The First Amendment covers five things that the Congress cannot do.
“Congress shall make no law respecting an establishment of religion, or prohibiting the free exercise thereof; or abridging the freedom of speech, or of the press; or the right of the people peaceably to assemble, and to petition the Government for a redress of grievances.”
Let’s look at the clause, “or abridging the freedom of speech;”
In 1789, James Madison introduced the amendment covering freedom of speech with these words: ”The people shall not be deprived or abridged of their right to speak, to write, or to publish their sentiments;”
After the House and Senate had their chance to rewrite it in their own ways, the version that came out of the conference committee about freedom of speech was “or abridging the freedom of speech.”
Advances in technology complicated the concept of speech. At the time of ratification, obviously, there was no telegraph, telephone, radio, television, internet, etc.
And what constitutes “freedom of speech” and what constitutes “freedom of expression” brings us into a rather blurry world. The difference between the two might be defined as follows:
- Freedom of Speech is a statements or ideas, well supported by logic, rationality etc. at least as per the speakers thinking.
- Freedom of Expression is an expression which may or may not be supported by logic, rationality, and be just an expression of emotions, which can be curtailed and punished and can be banned too.
“Freedom of speech” does NOT mean that you can say just anything and get away with it. There are limitations that have been litigated over the years and include the following:
Freedom of speech INCLUDES the right:
- Not to speak (specifically, the right not to salute the flag).West Virginia Board of Education v. Barnette, (1943).
- Of students to wear black armbands to school to protest a war (“Students do not shed their constitutional rights at the schoolhouse gate.”).Tinker v. Des Moines, (1969).
- To use certain offensive words and phrases to convey political messages. Cohen v. California, (1971).
- To contribute money (under certain circumstances) to political campaigns. Buckley v. Valeo, (1976).
- To advertise commercial products and professional services (with some restrictions). Virginia Board of Pharmacy v. Virginia Consumer Council, (1976); Bates v. State Bar of Arizona, (1977).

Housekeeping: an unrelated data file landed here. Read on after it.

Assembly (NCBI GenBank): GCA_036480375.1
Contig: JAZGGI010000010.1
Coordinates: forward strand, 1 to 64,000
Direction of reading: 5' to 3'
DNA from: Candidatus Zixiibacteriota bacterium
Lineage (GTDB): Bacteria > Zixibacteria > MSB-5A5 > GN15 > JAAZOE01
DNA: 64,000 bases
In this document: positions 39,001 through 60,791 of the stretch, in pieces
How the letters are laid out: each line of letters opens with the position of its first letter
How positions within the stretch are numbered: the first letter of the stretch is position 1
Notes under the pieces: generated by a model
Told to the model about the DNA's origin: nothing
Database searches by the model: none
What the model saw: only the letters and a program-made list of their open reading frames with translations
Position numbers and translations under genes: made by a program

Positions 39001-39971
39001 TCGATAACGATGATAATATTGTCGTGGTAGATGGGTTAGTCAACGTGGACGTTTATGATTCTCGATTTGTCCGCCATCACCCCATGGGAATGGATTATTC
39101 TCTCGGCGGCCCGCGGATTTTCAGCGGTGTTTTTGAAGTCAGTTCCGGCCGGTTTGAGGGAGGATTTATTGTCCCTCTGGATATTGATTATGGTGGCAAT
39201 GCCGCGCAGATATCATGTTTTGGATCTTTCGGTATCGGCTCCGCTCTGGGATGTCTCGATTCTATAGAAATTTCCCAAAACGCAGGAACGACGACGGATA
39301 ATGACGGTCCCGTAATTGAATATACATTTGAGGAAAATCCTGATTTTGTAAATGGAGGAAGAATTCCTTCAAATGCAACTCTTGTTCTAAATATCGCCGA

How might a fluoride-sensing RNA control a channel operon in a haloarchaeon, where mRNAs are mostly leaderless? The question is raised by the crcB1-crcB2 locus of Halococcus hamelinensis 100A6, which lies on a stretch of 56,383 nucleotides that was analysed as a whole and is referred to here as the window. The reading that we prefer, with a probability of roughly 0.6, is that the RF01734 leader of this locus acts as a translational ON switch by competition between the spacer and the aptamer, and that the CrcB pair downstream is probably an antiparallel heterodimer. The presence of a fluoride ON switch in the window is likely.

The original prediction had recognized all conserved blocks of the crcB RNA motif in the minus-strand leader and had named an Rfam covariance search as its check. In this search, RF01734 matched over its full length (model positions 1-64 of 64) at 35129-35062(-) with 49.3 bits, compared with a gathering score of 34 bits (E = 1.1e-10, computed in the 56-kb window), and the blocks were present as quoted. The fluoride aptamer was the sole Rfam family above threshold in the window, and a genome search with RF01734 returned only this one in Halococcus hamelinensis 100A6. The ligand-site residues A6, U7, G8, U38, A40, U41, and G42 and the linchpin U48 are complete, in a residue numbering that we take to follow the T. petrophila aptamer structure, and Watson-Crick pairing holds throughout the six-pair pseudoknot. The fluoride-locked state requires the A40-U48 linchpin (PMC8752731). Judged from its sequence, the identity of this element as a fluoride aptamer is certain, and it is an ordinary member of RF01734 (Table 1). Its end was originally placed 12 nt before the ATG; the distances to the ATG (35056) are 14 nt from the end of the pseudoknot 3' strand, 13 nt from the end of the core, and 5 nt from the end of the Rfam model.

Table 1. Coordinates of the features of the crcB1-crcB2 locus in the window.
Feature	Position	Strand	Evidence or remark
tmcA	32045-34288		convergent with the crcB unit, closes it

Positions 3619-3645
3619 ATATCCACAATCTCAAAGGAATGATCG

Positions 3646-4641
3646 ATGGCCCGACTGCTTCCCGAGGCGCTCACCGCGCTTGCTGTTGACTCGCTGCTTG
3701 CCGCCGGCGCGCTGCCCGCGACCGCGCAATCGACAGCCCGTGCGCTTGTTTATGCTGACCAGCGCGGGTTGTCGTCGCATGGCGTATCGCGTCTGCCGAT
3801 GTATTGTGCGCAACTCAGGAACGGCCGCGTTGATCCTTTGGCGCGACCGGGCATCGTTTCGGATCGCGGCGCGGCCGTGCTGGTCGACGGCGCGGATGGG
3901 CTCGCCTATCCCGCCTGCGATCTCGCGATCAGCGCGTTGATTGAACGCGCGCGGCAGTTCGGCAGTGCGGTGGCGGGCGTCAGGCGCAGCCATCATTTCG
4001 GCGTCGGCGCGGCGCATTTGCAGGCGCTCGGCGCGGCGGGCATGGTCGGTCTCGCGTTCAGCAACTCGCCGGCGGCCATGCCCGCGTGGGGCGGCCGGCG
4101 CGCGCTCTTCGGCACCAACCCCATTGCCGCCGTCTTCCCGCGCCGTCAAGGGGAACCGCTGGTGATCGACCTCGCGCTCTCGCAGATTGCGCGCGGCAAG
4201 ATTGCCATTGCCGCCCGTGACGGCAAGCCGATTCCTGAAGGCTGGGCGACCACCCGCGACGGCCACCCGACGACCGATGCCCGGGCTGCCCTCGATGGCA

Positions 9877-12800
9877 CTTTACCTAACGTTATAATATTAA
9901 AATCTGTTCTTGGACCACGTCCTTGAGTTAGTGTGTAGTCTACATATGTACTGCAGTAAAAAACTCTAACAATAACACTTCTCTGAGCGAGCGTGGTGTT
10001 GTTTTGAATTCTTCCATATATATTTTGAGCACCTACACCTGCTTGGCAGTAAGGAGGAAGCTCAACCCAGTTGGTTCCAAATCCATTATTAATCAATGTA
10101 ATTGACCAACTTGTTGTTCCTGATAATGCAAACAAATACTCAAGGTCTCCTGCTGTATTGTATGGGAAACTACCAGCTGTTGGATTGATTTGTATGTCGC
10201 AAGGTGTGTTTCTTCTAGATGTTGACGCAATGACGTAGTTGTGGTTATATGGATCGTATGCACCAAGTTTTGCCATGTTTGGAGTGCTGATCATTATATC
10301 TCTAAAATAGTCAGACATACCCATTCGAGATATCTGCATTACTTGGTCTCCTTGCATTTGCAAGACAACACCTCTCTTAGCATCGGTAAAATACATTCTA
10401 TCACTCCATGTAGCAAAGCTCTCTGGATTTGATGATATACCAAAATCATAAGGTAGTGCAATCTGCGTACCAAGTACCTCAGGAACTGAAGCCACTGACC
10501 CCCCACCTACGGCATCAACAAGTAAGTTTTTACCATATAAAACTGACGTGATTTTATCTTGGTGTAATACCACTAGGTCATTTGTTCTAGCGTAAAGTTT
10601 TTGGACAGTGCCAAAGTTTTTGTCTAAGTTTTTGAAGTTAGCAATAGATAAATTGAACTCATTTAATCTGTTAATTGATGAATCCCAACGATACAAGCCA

- To engage in symbolic speech, (e.g., burning the flag in protest). Texas v. Johnson, (1989); United States v. Eichman, (1990).
Freedom of speech does not DOS NOT INCLUDE THE RIGHT
- To harm others (e.g., “Shouting ‘fire’ in a crowded theater.”). Schenck v. United States, (1919).
- To make or distribute obscene materials. Roth v. United States, (1957).
- To burn draft cards as an anti-war protest. United States v. O’Brien, (1968).
- To permit students to print articles in a school newspaper over the objections of the school administration. Hazelwood School District v. Kuhlmeier, (1988).
- Of students to make an obscene speech at a school-sponsored event. Bethel School District #43 v. Fraser, (1986).
- Of students to advocate illegal drug use at a school-sponsored event. Morse v. Frederick, (2007).
Freedom of speech doesn’t just apply to the words that come out of your mouth. It applies to many different forms of expressions as presented by the Freedom Forum Institute (Click HERE to go to their site.) These expressions (quoted from the site) include:
- Written works
- Online posts
- Movies and television
- Theater and dance
- Video Games
- Political yard signs
- Handing out flyers
- Symbolic speech, like burning a flag or wearing a black armband
- The right not to speak, such as a refusal to say the pledge of allegiance
- Donations of money to political campaigns
- (At least one federal appeals court has found that liking something on Facebook qualifies as speech. Some types of computer code may be considered speech, but the limits of that is still an open question.)
The Freedom Forum Institute (Click HERE to go to their site.) provides a simple guideline (quoted here):
IF IT IS SPEECH—IS THE GOVERNMENT CENSORING OR PUNISHING IT?
The First Amendment only protects your speech from government censorship. It applies to federal, state, and local government actors. This is a broad category that includes not only lawmakers and elected officials, but also public schools and universities, courts, and police officers. It does not include private citizens, businesses, and organizations. This means that:
IF THE GOVERNMENT IS CENSORING YOUR SPEECH–DOES YOUR SPEECH FALL INTO AN UNPROTECTED CATEGORY?
- A private school can suspend students for criticizing a school policy;
- A private business can fire an employee for expressing political views on the job; and
- A private media company can refuse to publish or broadcast opinions with which it disagrees
There are several categories of speech that are not protected by the First Amendment at all.
- True threats
- Child pornography
- Fighting words
- Solicitations to commit crimes
- Incitement of imminent lawless action
IF YOUR SPEECH DOES NOT FALL INTO ONE OF THE UNPROTECTED CATEGORIES–DO YOU FALL INTO A SPECIAL CATEGORY?
The government generally has greater power to dictate speech policies when it acts in certain capacities, such as educator, employer or jailer.
- K-12 public school student
- Government employee
- State or federal prisoner
In closing . . . note that “freedom of speech” does not require that what is spoken needs to be TRUE! Lies are OK.